Where ‘ifrm’ is ID of iframe.

The only thing we need now is handing load and resize events:

    window.onload = window.onresize = ResizeIFrame;

This could not be simpler!

How to drop all schema objects in MS SQL 2005

I needed to test my SQL implementation script that was a part of big SQL Server Data Warehouse release. For anybody who have ever done large SQL implementation fundamental question is always “Have I scripted everything that is needed?”. So how to check if your implementation script contains all objects you require? Here is a few steps that helped me:

  1. Collate all individual scripts into one or more implementation script (I recommend having  one script per development, but it always depends on circumstances).
  2. Order your scripts so you know the sequence of running them. This is specifically important if there is dependency between objects created by different scripts.
  3. Create backout script for each implementation one and order them as well.
  4. Drop all objects that come into release. “How to drop all schema objects in one go?” – this is where it turns out to be priceless to have DBA in your team:
declare @schema varchar(200)
select @schema = 'MySchema'

'DROP ' + case
    when o.xtype = 'U' then 'TABLE'
    when o.xtype = 'V' then 'VIEW'
    when o.xtype = 'P' then 'PROCEDURE'
    when o.xtype = 'FN' then 'FUNCTION'
    end + ' ' + s.name + '.' + o.name as SQL
    sys.sysobjects as o
    join sys.schemas as s on o.uid = s.schema_id
    s.name = @schema and
    o.xtype in ('U','V','P','FN')
union all
'DROP SCHEMA ' + @schema

This will give you DROP statement for each table, view, stored procedure and user defined function in your schema, as well as schema itself. Just grab whichever statement you need and execute it!

Passing list as parameter from AJAX request to MVC controller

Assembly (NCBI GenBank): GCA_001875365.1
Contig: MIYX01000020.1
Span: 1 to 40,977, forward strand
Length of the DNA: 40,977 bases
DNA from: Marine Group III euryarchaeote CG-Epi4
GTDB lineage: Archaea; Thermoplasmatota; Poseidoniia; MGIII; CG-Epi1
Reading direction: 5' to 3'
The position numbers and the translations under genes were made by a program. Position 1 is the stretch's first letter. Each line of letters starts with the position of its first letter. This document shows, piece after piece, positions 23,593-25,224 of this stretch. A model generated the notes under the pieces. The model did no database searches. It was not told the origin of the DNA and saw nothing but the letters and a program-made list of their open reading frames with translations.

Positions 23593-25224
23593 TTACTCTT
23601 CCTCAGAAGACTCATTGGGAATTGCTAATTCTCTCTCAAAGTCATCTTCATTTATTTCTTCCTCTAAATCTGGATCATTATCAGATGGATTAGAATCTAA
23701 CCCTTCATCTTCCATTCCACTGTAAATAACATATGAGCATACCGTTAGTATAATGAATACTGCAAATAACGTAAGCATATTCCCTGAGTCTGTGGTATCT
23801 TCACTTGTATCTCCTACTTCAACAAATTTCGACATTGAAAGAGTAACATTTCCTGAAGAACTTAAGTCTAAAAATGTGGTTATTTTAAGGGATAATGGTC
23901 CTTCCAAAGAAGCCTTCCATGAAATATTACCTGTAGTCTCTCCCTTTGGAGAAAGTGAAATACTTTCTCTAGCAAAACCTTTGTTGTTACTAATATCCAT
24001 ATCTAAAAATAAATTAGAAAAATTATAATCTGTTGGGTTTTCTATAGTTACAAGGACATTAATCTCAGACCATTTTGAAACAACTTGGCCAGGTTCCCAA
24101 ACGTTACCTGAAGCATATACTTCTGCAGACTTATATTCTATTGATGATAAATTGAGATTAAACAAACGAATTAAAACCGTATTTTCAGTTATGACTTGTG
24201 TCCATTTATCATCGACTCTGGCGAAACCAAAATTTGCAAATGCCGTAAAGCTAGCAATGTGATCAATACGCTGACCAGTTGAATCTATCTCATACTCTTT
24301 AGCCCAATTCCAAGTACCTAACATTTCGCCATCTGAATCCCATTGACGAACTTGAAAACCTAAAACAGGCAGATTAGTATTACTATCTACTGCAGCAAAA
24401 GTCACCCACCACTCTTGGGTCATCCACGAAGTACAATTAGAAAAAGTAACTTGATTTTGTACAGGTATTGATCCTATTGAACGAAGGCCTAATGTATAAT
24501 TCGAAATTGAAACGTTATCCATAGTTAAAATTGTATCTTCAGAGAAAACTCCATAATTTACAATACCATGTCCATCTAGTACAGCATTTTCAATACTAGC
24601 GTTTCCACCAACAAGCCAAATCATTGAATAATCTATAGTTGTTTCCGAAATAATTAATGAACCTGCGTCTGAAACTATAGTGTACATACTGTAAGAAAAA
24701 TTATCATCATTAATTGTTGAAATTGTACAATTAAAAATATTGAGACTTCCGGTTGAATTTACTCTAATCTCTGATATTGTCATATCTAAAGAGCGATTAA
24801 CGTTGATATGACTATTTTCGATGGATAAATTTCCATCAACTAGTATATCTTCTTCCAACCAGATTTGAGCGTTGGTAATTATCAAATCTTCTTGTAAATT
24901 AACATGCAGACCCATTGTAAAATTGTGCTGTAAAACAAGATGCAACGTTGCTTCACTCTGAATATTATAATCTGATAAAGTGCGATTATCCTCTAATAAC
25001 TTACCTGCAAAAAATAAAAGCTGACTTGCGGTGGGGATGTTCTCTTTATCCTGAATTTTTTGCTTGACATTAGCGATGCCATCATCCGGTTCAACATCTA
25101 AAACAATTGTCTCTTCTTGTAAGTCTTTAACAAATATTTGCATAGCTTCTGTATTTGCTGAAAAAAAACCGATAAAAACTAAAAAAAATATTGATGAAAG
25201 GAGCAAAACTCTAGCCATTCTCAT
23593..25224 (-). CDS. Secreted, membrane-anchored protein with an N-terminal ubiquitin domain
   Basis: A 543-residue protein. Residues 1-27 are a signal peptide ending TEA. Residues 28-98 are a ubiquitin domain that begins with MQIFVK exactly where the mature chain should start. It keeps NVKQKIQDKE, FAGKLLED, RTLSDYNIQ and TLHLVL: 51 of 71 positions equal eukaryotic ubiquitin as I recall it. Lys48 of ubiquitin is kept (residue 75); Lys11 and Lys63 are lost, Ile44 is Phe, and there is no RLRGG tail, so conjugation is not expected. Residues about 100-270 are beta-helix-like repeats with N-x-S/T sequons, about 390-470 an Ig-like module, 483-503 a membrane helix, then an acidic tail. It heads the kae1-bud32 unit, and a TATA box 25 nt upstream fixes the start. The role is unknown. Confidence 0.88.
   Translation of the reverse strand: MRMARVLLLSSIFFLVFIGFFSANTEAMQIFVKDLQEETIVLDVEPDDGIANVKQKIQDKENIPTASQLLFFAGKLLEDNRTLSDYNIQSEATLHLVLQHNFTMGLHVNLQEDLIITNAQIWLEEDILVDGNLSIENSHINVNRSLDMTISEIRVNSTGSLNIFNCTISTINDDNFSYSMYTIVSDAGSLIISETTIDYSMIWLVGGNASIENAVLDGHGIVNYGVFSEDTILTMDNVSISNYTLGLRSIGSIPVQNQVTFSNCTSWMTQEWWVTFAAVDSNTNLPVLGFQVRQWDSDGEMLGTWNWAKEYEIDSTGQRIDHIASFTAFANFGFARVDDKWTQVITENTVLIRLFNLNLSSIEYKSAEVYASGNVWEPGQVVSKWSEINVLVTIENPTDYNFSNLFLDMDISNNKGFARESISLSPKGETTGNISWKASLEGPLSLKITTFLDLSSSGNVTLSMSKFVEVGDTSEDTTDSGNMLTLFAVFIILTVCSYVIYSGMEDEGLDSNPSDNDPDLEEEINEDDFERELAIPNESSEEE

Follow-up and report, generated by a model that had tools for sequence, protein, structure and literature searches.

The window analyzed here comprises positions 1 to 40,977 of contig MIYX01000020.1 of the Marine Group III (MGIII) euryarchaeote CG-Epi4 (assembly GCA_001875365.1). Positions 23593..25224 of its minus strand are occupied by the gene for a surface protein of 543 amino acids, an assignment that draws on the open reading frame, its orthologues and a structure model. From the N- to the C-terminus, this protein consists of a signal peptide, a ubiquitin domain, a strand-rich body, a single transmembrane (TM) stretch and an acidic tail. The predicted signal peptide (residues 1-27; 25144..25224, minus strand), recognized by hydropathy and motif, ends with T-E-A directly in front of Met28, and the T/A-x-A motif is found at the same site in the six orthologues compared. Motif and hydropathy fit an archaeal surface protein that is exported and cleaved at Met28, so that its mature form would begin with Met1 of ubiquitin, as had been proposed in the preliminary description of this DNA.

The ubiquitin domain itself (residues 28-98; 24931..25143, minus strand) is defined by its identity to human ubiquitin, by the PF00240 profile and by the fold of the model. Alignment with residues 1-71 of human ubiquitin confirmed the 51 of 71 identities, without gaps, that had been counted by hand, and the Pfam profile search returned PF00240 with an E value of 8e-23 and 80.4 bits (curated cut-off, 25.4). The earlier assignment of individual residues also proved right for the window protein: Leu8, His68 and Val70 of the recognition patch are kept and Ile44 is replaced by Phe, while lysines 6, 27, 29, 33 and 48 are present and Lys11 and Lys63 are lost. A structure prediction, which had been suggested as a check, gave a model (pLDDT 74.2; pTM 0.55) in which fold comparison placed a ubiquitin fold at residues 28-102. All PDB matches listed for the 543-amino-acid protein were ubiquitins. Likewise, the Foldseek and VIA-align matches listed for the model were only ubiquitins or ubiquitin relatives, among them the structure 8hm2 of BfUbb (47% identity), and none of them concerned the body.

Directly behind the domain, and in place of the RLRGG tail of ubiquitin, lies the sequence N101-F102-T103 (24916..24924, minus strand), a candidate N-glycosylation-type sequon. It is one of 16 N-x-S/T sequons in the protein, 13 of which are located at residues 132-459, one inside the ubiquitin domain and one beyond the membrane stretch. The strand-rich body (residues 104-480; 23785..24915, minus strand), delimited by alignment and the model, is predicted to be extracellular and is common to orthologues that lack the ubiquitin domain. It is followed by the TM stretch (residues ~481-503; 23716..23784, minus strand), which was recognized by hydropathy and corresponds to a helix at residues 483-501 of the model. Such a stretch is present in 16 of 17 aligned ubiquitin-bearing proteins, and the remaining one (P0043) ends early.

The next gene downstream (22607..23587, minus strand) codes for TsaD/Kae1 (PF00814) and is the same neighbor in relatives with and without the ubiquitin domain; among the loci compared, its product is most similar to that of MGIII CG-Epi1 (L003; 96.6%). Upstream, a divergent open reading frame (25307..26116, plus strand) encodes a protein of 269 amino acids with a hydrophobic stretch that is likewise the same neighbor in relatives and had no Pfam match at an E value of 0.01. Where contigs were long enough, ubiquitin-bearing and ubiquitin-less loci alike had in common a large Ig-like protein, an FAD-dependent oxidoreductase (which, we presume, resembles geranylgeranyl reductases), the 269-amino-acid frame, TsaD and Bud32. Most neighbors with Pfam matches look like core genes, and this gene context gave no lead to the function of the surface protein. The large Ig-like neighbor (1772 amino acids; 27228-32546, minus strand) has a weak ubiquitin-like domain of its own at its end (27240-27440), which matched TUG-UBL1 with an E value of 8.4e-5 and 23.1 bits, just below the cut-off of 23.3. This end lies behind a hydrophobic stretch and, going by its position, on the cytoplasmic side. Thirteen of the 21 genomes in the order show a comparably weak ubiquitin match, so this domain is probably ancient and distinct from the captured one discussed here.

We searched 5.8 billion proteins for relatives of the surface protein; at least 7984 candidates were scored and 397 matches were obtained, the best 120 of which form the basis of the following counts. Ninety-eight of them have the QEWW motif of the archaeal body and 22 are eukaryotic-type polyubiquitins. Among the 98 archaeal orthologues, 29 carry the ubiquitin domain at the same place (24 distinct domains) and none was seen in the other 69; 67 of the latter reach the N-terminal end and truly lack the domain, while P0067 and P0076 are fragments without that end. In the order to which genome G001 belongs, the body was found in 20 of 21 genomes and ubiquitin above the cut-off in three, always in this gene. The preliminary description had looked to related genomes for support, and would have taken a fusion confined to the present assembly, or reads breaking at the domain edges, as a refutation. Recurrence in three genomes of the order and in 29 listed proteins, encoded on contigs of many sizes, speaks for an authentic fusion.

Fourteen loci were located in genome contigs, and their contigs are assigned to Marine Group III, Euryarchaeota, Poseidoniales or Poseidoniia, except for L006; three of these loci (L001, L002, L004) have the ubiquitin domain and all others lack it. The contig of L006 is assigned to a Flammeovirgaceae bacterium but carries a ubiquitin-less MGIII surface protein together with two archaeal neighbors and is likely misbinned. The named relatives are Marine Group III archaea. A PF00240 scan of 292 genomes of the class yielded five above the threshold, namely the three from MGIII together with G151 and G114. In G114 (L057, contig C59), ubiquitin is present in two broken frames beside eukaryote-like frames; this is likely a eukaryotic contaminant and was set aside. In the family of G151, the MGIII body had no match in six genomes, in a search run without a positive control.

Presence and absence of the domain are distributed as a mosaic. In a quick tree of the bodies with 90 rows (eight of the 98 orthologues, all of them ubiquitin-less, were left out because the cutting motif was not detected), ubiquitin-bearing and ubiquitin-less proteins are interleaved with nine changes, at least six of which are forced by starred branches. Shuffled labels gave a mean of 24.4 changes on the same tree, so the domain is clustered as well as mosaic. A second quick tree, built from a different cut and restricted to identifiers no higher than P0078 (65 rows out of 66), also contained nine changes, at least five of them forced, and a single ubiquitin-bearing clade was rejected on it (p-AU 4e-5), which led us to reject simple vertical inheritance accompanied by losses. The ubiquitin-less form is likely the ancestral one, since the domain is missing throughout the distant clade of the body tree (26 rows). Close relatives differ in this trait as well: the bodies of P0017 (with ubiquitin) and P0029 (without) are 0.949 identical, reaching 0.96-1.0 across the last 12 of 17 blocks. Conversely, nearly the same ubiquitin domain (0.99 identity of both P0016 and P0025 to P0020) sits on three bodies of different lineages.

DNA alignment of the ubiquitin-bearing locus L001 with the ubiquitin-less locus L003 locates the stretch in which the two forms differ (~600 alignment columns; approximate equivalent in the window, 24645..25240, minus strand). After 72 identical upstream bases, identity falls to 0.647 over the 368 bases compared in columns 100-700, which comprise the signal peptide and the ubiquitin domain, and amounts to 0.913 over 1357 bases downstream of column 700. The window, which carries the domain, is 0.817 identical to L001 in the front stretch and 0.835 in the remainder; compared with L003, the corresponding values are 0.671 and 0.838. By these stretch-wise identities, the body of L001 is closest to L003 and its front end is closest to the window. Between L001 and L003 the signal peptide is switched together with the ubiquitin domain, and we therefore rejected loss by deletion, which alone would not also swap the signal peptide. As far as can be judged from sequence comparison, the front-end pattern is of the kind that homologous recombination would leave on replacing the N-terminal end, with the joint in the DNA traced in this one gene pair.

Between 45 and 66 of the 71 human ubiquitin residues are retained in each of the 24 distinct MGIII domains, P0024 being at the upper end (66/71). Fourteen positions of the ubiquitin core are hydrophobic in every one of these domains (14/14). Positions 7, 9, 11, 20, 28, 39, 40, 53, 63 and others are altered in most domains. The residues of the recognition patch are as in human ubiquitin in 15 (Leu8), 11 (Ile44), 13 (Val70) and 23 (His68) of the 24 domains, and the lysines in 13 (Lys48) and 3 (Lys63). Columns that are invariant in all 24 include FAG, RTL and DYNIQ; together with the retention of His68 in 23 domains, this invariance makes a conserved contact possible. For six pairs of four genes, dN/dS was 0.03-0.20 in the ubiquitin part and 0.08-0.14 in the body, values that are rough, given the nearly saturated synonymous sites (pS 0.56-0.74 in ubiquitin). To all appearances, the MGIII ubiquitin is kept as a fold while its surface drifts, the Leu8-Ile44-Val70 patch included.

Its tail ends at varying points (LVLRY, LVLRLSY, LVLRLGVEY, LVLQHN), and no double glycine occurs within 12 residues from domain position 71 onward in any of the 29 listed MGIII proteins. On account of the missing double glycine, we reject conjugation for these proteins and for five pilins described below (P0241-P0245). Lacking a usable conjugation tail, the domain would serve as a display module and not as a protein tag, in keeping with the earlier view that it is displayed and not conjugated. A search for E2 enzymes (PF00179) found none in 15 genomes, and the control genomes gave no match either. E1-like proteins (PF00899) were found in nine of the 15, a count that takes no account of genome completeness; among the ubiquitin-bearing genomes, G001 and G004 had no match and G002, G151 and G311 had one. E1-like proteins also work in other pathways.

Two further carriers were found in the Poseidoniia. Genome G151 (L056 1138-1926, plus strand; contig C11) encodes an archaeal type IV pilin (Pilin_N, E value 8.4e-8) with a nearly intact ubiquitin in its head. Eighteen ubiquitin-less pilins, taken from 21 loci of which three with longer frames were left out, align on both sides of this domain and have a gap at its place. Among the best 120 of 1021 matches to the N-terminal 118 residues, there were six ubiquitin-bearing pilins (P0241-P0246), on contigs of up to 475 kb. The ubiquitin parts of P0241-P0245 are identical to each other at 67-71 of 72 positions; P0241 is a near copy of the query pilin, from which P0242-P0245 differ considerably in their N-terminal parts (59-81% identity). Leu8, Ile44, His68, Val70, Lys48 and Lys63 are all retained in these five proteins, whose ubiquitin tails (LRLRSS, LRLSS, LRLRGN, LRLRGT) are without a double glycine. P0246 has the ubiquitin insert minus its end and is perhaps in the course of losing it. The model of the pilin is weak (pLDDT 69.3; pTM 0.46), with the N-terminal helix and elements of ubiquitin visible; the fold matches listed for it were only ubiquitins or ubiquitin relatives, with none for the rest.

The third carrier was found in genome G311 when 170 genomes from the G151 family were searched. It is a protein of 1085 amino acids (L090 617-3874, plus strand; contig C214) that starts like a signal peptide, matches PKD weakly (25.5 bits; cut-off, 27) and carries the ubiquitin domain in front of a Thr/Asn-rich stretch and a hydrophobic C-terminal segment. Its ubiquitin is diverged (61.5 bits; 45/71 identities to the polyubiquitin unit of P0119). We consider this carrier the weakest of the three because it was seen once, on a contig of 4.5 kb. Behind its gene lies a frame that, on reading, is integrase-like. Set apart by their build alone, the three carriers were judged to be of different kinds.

I came across this recently when needed to pass array of selected values into MVC controller during Ajax request. Scenario was that on the page I had set of checkboxes and button. User can then make multiple choice selection and submit form using button. Page could look like this:

<ul id="sampleList">
    <li><input type="checkbox" value="1" checked="checked" />text 1</li>
    <li><input type="checkbox" value="2" checked="checked" />test 2</li>
    <li><input type="checkbox" value="3" checked="checked" />test 3</li>
<input type="button" id="submitButton" value="submit" />
<span id="spanResults"></span>

Also in the application I have, let’s say, “TestController”. Within this controller I have “GetValue” method, that I want to concatenate input data into a string:

public JsonResult GetValue (List<string> id)
return Json(id);

Then jQuery code to collect values of checked checkboxes and make Ajaxcall would be as following:

var items = new Array();
$('#sampleList li input:checkbox:checked').each(function() {
$('#submitButton').click(function() {
        type: 'post',
        url: '/Test/GetValues',
        data: { id: items },
        contentType: 'application/json; charset=utf-8',
        dataType: 'json',
        success: function(data) {
        error: function(e) {

This should hopefully put some light on “how on the earth do I pass list as parameters via Ajax to MVC”. Exactly the same mechanics applies to passing complex types and multiple parameters – just wrapp multiple parameters in complext type and you are done!

Hello world!

let's scratch some heads...Welcome to my technical blog,

This is a very first post here (and I really hope not the last one).

Being in IT industry for a few years now, I realise more and more everyday that having good “knowledge base” is essential for any serious computer professional. Just look here if you do not believe my previous sentence.

Although I had collection of “hacks” and “tricks” it was allover the place. Some bits on my pc at work, some on laptop at home – that obviously is no good when you think “I definitely remember I did it, but how???”.

So the simplest answer to this problem was to create this “webspace”, which I hope also have some value for others as well.

If you by any luck found this place in a fantastic world of Internet, welcome! Feel more than encouraged to leave your fingerprint.